EPS vs. polyiso: A climate change for roof insulation

ACH Foam Technologies applauded the recent decision by the National Roofing Contractors Association to revise the R-value of polyisocyanurate insulation. In The NRCA Roofing Manual: Membrane Roof Systems – 2011, NRCA updated its design R-value recommendations for polyiso, taking into account polyiso’s loss of R-value as the material voluntarily emits low conductance gas after it is manufactured.

ACH Foam Technologies is a major manufacturer of Expanded Polystyrene roof insulation. According to Tom Huempfner, ACH Foam Technologies’ Vice President of Sales, all rigid foam insulations are made from petroleum derivatives. These products all use trapped air as their insulating medium and have the same actual (in-service) R-value per inch at similar densities. Confusion has existed over the years as to the actual in service R-value of polyiso (ISO) when used as insulation in roof systems. Polyiso manufacturers have advertised a calculated R-value, which may be inflated as explained below. After the initial point of manufacture, polyiso contains some of the low conductance gas used during the extruding process. However, this gas is only present in the material temporarily. Over a short period of time the gas emits from the material (off-gasses) leaving air as the insulating medium. The end result is that polyiso has the same R-value per inch as other rigid foam insulations at similar densities.

The advertised R value of EPS is not inflated which is why EPS retains 100 percent of its published R-value indefinitely and why the R-value warranty for EPS is 100  of published R-value for 20 years. In comparison, the polyiso warranty is only for 80 percent of the published R-value for 10 years. Building owners who are paying the energy bills and design professionals who size HVAC equipment should be aware of this very important information. EPS manufacturers are pleased with the new recommendations from NRCA. “Finally the roofing industry has stated clearly what we’ve known for a long time,” said Huempfner. “The building owners are better served if they know the actual R-value they are getting from the insulation they purchase.”

Mark S. Graham is the NRCA’s Associate Executive Director of Technical Services. Graham makes clear the issue of changing R-values: “In 2009, NRCA conducted R-value testing at various temperatures. NRCA’s testing of polyisocyanurate insulation at 25F, 40F, 75F and 110F showed actual R-values less than LTTR values.”*

Graham continues, “Although the LTTR method of R-value determination and reporting may be appropriate for laboratory analysis, research comparison and procurement purposes, NRCA does not consider LTTR use to be appropriate for roof system design purposes when actual in-service R-value can be an important aspect of roof system performance.”

NRCA’s 2011 manual recommends designers using polyisocyanurate insulation determine thermal insulation requirements using an in-service R-value of 5.0 per inch thickness in heating conditions and 5.6 per inch thickness in cooling conditions. NRCA also recommends designers specify polyisocyuanurate by its desired thickness – not its R-value – to avoid possible confusion during procurement.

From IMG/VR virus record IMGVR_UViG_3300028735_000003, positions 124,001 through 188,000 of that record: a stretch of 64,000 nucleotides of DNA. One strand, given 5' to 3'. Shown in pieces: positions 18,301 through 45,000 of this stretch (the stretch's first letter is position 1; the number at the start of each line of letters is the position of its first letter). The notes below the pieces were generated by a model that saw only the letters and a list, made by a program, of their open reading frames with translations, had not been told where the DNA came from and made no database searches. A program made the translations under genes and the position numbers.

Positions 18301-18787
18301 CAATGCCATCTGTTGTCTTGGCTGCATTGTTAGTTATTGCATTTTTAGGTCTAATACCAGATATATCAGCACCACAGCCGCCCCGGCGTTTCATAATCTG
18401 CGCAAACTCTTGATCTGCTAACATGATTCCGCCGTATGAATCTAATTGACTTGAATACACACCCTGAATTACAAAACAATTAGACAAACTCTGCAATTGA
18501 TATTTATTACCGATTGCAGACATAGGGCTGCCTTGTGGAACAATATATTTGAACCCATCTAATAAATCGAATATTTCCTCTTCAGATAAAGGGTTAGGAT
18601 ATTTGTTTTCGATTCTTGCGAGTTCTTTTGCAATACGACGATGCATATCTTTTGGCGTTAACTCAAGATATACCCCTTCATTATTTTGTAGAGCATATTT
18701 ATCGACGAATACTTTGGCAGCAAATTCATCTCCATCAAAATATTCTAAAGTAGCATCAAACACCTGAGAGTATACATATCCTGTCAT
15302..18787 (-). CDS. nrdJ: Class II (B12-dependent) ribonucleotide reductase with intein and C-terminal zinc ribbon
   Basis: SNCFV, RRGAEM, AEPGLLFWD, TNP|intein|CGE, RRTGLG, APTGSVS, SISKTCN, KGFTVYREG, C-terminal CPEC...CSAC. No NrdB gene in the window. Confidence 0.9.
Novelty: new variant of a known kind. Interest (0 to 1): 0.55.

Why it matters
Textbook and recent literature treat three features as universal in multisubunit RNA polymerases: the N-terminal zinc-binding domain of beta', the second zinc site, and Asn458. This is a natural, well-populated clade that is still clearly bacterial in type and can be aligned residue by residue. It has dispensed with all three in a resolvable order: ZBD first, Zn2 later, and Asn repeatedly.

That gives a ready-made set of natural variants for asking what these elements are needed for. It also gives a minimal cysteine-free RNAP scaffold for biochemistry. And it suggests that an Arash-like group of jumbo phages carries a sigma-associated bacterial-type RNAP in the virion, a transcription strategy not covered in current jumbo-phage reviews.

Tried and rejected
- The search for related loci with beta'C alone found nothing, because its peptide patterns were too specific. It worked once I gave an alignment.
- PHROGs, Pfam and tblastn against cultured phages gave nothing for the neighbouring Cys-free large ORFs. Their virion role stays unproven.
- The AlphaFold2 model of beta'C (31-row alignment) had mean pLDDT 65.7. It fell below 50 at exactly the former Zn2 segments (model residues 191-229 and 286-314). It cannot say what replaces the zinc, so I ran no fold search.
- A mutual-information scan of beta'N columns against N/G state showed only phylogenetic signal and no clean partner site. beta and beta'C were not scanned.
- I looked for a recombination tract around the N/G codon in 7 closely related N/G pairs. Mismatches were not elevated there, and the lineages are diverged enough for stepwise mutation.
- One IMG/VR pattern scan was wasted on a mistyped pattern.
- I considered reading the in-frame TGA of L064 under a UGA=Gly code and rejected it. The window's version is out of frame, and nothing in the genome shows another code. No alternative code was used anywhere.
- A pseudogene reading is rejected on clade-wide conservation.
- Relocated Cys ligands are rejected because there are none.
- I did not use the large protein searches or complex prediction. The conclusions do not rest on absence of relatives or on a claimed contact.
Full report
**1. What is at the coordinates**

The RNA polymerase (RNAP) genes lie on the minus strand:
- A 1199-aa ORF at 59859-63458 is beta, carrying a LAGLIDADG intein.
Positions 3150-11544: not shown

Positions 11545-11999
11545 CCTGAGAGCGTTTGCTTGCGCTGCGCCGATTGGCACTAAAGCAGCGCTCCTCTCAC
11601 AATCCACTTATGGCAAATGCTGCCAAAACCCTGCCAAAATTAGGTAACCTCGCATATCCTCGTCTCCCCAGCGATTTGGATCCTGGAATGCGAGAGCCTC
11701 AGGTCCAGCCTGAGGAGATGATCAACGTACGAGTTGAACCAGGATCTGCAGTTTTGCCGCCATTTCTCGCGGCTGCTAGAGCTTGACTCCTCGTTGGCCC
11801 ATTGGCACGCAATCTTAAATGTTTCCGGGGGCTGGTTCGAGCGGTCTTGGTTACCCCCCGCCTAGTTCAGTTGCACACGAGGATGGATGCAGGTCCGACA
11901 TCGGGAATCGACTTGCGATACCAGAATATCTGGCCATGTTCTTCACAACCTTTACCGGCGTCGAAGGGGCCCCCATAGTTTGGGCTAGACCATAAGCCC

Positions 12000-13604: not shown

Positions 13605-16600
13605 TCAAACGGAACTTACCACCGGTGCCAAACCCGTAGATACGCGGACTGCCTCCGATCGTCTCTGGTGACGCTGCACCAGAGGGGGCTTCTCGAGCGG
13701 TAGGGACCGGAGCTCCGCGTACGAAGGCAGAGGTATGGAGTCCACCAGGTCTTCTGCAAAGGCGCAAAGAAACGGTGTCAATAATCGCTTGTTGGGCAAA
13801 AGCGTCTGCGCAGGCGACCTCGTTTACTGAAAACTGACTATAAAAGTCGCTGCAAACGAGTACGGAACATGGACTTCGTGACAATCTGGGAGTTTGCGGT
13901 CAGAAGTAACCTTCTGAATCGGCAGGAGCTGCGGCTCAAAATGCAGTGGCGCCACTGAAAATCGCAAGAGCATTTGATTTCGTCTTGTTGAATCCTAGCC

Benefits of EPS
According to Huempfner, the increase in use of EPS as a roof insulation over the past several years has to do with its cost and installation advantages, combined with its stable and long-term performance.

Cost & R-Value Warranty Analysis:

Insulation          R-25        R-25 Cost*        R-25 Cost*              Warranty
                       Thickness   Square Foot   (% of Published 

Type II EPS      5.50”       $1.10/SF                 100%                     20 Years
Type 2 ISO       5.00”       $1.60/SF                   80%                     10 Years
Type IV XPS    5.00”       $1.60/SF                   90%                     15 Years
*As of March 2011. Subject to current & location pricing.

Huempfner continues, “You can see there is a significant cost savings to use EPS instead of polyiso or XPS. Architects and building owners can then consider spending some of these cost savings on a thicker membrane or a coverboard – both upgrades which would improve the performance and extend the life of the roof.”

                                           Type II                       Type 2
                                           EPS                            Polyisocyanurate

Density                               1.5 pcf                        2.0 pcf

Compressive Strength        15 psi                         20 psi

R-value per inch                 4.6                               5.0

Cost per BF (flat)*             $0.20                          $0.32

Cost per BF (taper)*          $0.215                        $0.43

*As of March 2011. Subject to current & location pricing.

Huempfner explains, “Tapered EPS roof insulation is particularly appealing because the installation is faster due to fewer pieces and less cutting. Also, there is less jobsite waste. Polyiso is manufactured in limited thicknesses, therefore when it is installed in a tapered system, multiple layers of polyiso must be used to achieve the same taper thickness as one piece of EPS.

For the complete NRCA report visit http://www.achfoam.com/media/docs/Roofing/Roofing%203001.pdf. For more information about EPS Roof Insulation visit http://www.achfoam.com/RoofInsulation.aspx

*Taken from an article written by Graham and published in December 2010 on Professionalroofing.net.

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